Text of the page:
Summer and Bryan’s California Vineyard Wedding
When you’re a wedding blogger, true love is your day job. Which can be kind of ironic if you’re single. Just ask Summer Watkins. In 2005, Summer, who lived in Orange County, California, was in an always-a-bridesmaid funk after the nuptials of one of her best friends. She couldn’t lose herself in her work, because she’s the founder and stylist of Grey Likes Weddings (her nom de plume is Lady Grey), a website with a click-crazy array of smiling couples and Pinterest-ready inspiration. Just a week post–best friend’s wedding, Summer accepted a pal’s invitation to a rooftop cookout in downtown San Diego.
When she arrived and met Bryan Ball, who was manning the grill, her first move was to start playfully “making fun of his barbecue skills,” she says. Meanwhile, his buddy began talking to Summer, and Bryan admits, “I wasn’t paying that much attention to her.” But the thing about true love is that it can’t be stopped by prickly maidens or clueless dudes. Somehow, as the fire died down and the sun set, “we started chatting and ended up talking late into the night,” says Bryan. The pair realized that they were both O.C.-based, and beyond that, practically neighbors. They became a couple, and soon Bryan, a professional poker player who was looking for a career change, got on board her blog as the business manager.
Given their day jobs, when Bryan proposed on Summer’s birthday in the fall of 2012 and it was time to plan a bash of their own, they had an all-star team of high-powered wedding-vendor friends, everyone wanting to help. (Proof: Honeymoon planner Katie Frederick and paper designer Megan Gonzalez were bridesmaids.) The first step was to pick a venue, and the duo decided on Sunstone Vineyards & Winery, whose limestone buildings and rolling vineyards reflected the French countryside feel they wanted. The couple decided on the Santa Ynez, California, location the minute they saw it and set out to plan the rest of their July 11, 2013, wedding.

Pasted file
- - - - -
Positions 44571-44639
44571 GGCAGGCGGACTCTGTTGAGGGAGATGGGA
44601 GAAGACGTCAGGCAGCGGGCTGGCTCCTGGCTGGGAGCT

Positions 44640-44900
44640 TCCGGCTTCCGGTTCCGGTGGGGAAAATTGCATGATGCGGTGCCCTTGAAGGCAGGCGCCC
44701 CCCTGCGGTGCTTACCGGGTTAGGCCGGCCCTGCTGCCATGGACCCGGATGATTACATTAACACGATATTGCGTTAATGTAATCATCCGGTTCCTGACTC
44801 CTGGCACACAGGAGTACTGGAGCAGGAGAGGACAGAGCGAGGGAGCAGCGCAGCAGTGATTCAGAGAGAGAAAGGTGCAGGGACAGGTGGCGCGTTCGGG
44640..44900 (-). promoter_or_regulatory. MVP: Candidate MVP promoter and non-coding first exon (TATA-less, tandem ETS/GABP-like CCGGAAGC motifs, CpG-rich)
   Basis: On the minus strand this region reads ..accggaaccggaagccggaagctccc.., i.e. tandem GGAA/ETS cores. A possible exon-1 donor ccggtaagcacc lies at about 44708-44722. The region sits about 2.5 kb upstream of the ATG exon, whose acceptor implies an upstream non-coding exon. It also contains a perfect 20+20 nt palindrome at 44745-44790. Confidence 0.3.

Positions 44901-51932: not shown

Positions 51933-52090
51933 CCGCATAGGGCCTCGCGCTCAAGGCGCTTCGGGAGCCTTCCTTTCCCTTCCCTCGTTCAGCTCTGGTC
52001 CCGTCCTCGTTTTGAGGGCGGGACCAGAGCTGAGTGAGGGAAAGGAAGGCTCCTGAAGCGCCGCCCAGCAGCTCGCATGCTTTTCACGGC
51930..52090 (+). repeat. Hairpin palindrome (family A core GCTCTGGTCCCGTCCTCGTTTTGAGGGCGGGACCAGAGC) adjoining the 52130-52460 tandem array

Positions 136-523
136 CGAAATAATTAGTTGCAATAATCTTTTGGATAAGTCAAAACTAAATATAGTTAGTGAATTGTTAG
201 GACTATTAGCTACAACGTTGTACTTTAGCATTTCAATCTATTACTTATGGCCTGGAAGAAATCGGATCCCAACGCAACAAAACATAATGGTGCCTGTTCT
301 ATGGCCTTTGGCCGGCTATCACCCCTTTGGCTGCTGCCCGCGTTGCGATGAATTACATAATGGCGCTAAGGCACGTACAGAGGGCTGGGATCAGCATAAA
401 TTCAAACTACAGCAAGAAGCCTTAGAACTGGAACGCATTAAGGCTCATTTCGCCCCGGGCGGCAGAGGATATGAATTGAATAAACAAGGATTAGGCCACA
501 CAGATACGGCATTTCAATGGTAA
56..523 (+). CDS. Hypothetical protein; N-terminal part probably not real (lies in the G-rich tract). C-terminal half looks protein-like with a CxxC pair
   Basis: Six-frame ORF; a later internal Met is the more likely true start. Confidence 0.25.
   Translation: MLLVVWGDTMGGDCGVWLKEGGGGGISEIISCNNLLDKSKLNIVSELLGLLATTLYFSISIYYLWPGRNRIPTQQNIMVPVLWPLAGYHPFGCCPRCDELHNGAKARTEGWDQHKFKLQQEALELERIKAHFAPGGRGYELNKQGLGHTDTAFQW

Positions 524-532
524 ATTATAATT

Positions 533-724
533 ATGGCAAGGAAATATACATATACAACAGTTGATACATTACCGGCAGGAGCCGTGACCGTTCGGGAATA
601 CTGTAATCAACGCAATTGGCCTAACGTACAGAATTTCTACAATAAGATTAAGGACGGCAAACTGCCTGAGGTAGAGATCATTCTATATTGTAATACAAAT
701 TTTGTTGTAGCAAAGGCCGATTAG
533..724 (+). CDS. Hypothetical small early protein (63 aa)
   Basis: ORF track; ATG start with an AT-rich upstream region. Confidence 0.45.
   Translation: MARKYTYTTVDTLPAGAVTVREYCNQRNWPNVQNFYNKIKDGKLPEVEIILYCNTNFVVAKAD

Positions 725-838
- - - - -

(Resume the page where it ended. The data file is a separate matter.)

To start, they chose a mascot: swans, a symbol of lasting love. The pair incorporated a flock of them into all the details, starting with the stationery. The invites (designed by MaeMae & Co. and letterpressed by Gus & Ruby Letterpress) displayed a custom crest as well as lions, swans, olives, and green stripes. They were mailed in envelopes calligraphed by Victoria Hoke Lane.
The Bridal Bouquet
Peonies, Summer’s favorite flowers, were out of season, so her florist, Lauryl Lane, concentrated on roses, poppies, tulips, ranunculus, and sweet peas bunched with olive branches for her bouquet. At the last minute, Lane flew in some peonies, and upon the presentation of the arrangement, both women burst into tears.
The Bridal Party
When you have three sisters, two sisters-in-law, and five besties, here’s the math: you need 10 bridesmaids!
Summer’s sisters, each in a blush-tone dress of their own choosing, shared matron-of-honor duties.
A Gift of Thanks
As a token of appreciation for her bridesmaids, Summer had tote bags custom-sewn in the wedding’s signature green-and-white stripes and stuffed them with yummy-smelling homemade sugar scrub.
A Pop of Color
There were green-and-white stripes everywhere you looked at the celebration, even in Summer’s Badgley Mischka shoes!
The Little Ladies
The flower girls were garlanded in roses, olive branches, and, on the younger one here, a ginormous peony.
Tie One On
A poster presented all of the groomsmen’s color-coordinated bow ties from The Tie Bar on faux crests. The ties were theirs to keep; they also received copper tankards since as a group they’re known for their fondness for Irish Mules.
The Best Crest
Embroidered crests that referenced the coat of arms from Bryan’s family were repurposed as boutonnieres.
The Ceremony Program